The Tamarack, growing as straight as a ship’s mast, is the only deciduous conifer native to this part of the country. Bald Cypresses of the South and Dawn Redwoods of the West also possess this strange quality of bearing cones and dropping their needles at the end of the growing season.

Golden Tamaracks against a deep blue sky

It was Emma Toft who advised me a long time ago, when I began heating my house with wood, to never burn Tamarack in the old cast iron “Queen” kitchen wood stove. “Burns much too hot,” she warned, “and will in time warp and ruin the stove grates.”

The American Tamarack, Larix laricina (lair-a-SY-na) is considered to be the most northern growing deciduous conifer on this continent, extending north in Mackenzie to the Arctic Circle, around 67 degrees N. Latitude, and thriving there by the light of the midnight sun. Notice I said deciduous conifer as opposed to evergreen. The northernmost growing evergreen tree on this continent is the Black Spruce, not quite as far north as the Tamarack.

A close inspection of Tamarack needles on a tree shows that they grow in clusters from tiny knobs or butts called “short shoots.” The soft, flexible, rubbery needles range from three-eighths to three-quarters of an inch long. The longest tend to be at the top of the tufts. The largest clusters contain around 35 needles. By the way, needles are single on the new and lengthening twigs. By mid-November the golden needles will have fallen leaving the trees naked, genuine deciduous conifers.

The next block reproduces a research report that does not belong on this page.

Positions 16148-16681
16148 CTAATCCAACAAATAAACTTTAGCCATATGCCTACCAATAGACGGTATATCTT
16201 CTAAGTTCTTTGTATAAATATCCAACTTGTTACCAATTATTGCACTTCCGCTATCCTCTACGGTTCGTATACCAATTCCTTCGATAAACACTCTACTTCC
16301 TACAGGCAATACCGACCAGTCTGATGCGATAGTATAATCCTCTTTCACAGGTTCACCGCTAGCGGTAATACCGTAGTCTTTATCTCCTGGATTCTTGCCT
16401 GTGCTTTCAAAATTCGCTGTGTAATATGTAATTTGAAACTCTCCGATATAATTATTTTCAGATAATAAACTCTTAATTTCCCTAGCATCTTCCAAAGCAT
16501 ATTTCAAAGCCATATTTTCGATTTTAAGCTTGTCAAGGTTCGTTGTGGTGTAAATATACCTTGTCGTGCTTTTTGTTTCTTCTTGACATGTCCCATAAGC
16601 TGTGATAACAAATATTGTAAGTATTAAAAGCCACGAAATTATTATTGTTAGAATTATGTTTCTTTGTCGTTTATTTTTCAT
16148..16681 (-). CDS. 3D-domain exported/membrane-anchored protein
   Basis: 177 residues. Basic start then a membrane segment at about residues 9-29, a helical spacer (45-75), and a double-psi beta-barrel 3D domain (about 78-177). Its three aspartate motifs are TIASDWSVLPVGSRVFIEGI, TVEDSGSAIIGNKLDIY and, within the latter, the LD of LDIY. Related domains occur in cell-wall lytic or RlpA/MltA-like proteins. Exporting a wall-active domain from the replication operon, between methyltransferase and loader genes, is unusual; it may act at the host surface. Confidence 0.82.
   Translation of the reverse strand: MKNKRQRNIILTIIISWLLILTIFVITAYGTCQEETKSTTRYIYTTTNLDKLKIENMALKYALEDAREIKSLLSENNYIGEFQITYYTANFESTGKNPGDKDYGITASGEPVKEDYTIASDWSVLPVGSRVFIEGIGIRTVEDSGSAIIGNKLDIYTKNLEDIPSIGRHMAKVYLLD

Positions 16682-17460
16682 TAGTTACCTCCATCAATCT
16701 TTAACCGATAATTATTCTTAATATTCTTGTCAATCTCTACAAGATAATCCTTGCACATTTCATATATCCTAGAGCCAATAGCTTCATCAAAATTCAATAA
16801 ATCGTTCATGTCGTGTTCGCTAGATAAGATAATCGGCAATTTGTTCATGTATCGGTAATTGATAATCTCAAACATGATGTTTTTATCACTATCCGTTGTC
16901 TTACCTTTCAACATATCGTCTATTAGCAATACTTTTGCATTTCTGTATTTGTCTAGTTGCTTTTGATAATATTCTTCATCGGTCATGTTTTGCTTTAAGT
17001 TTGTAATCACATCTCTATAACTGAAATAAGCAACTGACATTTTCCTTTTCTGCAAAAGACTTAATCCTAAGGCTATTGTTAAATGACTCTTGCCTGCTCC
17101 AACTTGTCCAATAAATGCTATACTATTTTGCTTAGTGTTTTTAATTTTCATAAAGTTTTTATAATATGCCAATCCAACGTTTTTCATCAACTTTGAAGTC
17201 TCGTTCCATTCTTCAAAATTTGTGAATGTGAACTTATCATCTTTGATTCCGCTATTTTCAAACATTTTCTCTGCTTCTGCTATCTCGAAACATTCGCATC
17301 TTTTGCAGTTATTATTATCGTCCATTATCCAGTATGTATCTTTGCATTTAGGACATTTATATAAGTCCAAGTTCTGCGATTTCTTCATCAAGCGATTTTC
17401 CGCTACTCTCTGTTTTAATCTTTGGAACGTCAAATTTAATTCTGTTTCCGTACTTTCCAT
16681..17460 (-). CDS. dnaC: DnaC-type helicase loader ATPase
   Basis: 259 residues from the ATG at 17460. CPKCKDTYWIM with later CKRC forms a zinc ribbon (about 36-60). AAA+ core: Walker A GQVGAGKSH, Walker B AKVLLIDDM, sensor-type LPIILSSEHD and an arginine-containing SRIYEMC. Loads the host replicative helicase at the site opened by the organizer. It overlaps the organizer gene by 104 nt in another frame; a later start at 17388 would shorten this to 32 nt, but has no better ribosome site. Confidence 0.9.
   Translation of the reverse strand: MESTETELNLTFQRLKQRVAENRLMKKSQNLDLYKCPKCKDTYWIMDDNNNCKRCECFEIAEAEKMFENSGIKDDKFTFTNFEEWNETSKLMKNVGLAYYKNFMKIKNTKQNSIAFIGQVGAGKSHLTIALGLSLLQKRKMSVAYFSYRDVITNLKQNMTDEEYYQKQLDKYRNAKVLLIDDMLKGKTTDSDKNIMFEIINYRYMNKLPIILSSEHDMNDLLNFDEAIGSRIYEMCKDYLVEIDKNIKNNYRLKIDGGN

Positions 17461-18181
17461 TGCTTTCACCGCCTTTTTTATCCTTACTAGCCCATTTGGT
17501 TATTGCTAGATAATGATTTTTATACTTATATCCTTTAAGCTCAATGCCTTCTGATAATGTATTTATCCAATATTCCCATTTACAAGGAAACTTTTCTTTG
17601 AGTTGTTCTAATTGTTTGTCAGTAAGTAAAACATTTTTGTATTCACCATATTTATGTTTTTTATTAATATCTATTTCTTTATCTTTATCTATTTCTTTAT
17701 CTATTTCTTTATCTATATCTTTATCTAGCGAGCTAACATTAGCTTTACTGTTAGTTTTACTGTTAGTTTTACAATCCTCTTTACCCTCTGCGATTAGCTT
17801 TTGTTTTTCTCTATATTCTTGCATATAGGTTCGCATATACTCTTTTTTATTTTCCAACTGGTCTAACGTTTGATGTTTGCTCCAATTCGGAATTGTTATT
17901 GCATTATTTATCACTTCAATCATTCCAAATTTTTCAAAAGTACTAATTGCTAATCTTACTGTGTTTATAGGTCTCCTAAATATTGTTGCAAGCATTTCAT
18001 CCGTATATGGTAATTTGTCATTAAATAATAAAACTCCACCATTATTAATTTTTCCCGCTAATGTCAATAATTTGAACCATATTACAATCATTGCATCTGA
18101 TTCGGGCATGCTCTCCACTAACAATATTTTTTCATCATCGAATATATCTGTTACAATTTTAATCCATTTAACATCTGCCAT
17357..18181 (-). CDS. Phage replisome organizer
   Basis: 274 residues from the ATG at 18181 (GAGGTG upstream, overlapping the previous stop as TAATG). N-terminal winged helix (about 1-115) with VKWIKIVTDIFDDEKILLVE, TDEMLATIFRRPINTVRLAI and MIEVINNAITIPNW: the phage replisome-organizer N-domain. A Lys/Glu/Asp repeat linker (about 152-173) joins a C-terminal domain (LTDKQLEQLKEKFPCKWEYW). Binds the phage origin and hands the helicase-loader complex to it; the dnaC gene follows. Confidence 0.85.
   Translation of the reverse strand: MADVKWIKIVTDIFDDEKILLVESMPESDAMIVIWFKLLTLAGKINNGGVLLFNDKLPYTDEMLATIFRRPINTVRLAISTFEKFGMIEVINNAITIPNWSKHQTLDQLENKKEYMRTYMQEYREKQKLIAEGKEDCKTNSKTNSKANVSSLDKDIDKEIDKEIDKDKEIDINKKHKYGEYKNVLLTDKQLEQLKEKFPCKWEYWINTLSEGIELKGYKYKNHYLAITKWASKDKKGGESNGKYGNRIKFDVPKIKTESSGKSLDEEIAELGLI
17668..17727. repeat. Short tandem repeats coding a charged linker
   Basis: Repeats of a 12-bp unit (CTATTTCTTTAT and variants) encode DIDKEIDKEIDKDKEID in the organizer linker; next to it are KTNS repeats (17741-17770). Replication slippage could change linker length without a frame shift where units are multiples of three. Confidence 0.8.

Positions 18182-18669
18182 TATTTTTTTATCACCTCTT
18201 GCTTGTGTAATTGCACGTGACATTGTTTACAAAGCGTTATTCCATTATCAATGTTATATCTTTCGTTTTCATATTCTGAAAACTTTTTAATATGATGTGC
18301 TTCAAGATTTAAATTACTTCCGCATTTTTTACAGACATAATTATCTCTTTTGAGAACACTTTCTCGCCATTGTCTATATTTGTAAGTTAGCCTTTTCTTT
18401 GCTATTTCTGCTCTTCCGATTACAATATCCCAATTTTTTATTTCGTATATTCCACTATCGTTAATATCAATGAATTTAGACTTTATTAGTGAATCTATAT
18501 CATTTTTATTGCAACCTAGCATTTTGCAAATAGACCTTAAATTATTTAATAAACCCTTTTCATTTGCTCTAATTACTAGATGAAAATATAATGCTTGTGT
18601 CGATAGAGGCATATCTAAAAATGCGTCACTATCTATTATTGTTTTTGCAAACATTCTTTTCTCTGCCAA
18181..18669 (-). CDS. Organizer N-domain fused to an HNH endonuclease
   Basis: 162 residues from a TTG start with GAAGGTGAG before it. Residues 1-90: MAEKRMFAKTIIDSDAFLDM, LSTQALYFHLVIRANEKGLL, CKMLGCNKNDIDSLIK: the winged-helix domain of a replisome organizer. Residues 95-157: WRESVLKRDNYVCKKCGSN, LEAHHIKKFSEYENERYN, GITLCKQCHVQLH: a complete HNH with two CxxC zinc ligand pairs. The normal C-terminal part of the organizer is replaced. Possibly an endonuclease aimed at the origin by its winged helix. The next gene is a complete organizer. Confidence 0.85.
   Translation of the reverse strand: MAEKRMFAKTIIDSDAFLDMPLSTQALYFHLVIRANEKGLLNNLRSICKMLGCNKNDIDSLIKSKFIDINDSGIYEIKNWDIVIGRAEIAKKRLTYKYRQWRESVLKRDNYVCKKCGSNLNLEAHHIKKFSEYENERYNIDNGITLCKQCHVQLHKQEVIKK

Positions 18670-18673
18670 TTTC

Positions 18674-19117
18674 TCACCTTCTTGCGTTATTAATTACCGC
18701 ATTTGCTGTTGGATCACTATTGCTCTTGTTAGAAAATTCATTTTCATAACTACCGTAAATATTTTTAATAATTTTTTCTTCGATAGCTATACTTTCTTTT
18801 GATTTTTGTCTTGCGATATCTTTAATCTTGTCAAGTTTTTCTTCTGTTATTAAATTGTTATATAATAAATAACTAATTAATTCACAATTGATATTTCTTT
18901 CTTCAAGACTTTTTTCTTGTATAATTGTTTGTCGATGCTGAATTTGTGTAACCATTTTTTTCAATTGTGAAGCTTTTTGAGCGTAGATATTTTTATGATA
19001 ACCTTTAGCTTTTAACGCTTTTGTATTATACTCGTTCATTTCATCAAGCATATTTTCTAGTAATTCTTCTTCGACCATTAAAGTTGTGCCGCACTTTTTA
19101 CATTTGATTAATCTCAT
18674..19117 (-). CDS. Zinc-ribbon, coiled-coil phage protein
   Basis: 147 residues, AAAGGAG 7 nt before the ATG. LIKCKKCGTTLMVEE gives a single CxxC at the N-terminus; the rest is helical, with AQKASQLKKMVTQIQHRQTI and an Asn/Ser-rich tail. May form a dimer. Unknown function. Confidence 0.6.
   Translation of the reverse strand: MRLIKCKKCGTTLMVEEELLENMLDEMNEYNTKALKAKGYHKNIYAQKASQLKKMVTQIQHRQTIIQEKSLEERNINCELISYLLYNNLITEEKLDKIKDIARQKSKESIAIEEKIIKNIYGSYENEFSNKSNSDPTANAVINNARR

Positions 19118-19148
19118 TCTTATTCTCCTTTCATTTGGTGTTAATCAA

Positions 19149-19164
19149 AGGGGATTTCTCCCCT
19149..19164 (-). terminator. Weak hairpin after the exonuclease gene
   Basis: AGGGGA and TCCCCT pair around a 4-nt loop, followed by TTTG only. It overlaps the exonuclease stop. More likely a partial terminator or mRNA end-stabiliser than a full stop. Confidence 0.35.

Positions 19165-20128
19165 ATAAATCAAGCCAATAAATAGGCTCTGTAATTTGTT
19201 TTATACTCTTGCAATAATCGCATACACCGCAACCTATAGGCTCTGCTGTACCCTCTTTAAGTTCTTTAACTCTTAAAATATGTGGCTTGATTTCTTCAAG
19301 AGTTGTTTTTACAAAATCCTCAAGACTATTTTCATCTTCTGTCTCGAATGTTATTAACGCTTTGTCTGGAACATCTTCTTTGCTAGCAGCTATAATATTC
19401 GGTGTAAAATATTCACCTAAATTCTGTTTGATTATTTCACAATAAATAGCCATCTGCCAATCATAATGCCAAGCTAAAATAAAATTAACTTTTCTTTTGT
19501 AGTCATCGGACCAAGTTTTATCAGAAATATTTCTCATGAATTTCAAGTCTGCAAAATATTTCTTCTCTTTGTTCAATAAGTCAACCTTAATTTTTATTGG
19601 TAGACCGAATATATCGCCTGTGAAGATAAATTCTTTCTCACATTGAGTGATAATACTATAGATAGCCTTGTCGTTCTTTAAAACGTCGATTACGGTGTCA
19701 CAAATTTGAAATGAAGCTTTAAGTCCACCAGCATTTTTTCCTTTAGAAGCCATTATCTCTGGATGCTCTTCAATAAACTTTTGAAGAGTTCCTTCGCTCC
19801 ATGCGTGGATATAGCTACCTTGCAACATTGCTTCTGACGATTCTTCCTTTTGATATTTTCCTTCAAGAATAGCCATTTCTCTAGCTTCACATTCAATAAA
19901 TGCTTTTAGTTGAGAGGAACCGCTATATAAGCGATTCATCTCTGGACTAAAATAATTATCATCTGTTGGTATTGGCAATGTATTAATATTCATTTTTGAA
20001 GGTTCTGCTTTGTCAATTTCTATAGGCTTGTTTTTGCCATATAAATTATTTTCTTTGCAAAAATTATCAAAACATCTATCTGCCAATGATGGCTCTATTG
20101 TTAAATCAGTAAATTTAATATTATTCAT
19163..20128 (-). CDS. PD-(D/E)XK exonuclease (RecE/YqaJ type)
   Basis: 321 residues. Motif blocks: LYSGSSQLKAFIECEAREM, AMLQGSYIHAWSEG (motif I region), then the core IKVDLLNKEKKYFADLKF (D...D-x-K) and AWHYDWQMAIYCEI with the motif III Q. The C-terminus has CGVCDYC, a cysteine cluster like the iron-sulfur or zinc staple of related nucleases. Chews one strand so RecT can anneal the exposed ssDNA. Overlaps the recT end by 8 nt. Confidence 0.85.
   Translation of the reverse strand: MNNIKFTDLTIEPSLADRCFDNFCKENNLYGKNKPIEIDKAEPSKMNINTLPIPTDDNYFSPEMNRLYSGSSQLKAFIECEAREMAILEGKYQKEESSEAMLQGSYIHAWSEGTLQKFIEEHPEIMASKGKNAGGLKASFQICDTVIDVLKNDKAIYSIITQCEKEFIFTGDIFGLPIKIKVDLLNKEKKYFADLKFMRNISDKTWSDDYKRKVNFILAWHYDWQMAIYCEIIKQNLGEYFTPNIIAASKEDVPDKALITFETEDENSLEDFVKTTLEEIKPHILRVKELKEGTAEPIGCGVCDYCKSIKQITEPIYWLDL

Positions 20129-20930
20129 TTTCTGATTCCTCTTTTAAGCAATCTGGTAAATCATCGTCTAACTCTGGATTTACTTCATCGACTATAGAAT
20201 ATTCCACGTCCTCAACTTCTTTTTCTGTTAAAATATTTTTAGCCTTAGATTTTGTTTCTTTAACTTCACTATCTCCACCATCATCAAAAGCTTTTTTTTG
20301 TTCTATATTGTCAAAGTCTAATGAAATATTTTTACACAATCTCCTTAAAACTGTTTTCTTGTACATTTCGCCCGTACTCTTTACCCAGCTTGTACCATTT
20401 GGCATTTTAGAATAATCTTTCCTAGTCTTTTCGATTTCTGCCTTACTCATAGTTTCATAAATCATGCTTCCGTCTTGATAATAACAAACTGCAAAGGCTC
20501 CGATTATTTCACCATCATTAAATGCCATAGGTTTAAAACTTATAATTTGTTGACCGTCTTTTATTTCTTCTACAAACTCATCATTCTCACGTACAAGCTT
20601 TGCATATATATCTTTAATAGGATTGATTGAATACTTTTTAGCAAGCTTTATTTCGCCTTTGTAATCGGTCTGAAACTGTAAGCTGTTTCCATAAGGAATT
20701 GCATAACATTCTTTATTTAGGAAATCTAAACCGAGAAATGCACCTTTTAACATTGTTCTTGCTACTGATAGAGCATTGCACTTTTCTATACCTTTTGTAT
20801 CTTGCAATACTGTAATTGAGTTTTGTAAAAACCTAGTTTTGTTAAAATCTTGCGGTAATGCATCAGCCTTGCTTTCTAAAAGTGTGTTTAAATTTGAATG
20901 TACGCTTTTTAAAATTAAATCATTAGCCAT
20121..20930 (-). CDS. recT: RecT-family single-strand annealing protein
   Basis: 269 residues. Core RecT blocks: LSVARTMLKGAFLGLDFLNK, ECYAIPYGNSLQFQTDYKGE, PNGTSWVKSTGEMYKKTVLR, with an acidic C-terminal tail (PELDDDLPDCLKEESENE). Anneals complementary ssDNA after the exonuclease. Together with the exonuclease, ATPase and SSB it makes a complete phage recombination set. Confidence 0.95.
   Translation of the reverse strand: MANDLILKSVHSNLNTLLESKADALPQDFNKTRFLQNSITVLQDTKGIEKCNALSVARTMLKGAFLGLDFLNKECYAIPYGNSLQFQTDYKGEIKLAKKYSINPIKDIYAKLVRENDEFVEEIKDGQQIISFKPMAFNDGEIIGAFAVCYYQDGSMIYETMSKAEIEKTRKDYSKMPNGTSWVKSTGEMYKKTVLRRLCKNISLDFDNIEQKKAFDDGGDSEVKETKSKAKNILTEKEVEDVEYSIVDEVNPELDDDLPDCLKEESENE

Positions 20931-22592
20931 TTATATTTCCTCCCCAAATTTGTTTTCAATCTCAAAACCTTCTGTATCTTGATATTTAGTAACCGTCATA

It is while admiring a stand of smoky gold Tamaracks on a sunny November day that I get the feeling of their being phosphorescent, that they actually glow from their own power source. Autumn’s finale is reaching its zenith and, lucky for all of us, it is occurring in the swamps, the areas least likely to be developed, where mosquitoes reign supreme throughout the warm months.

Head for the swamps and fill your eyes and hearts with gold!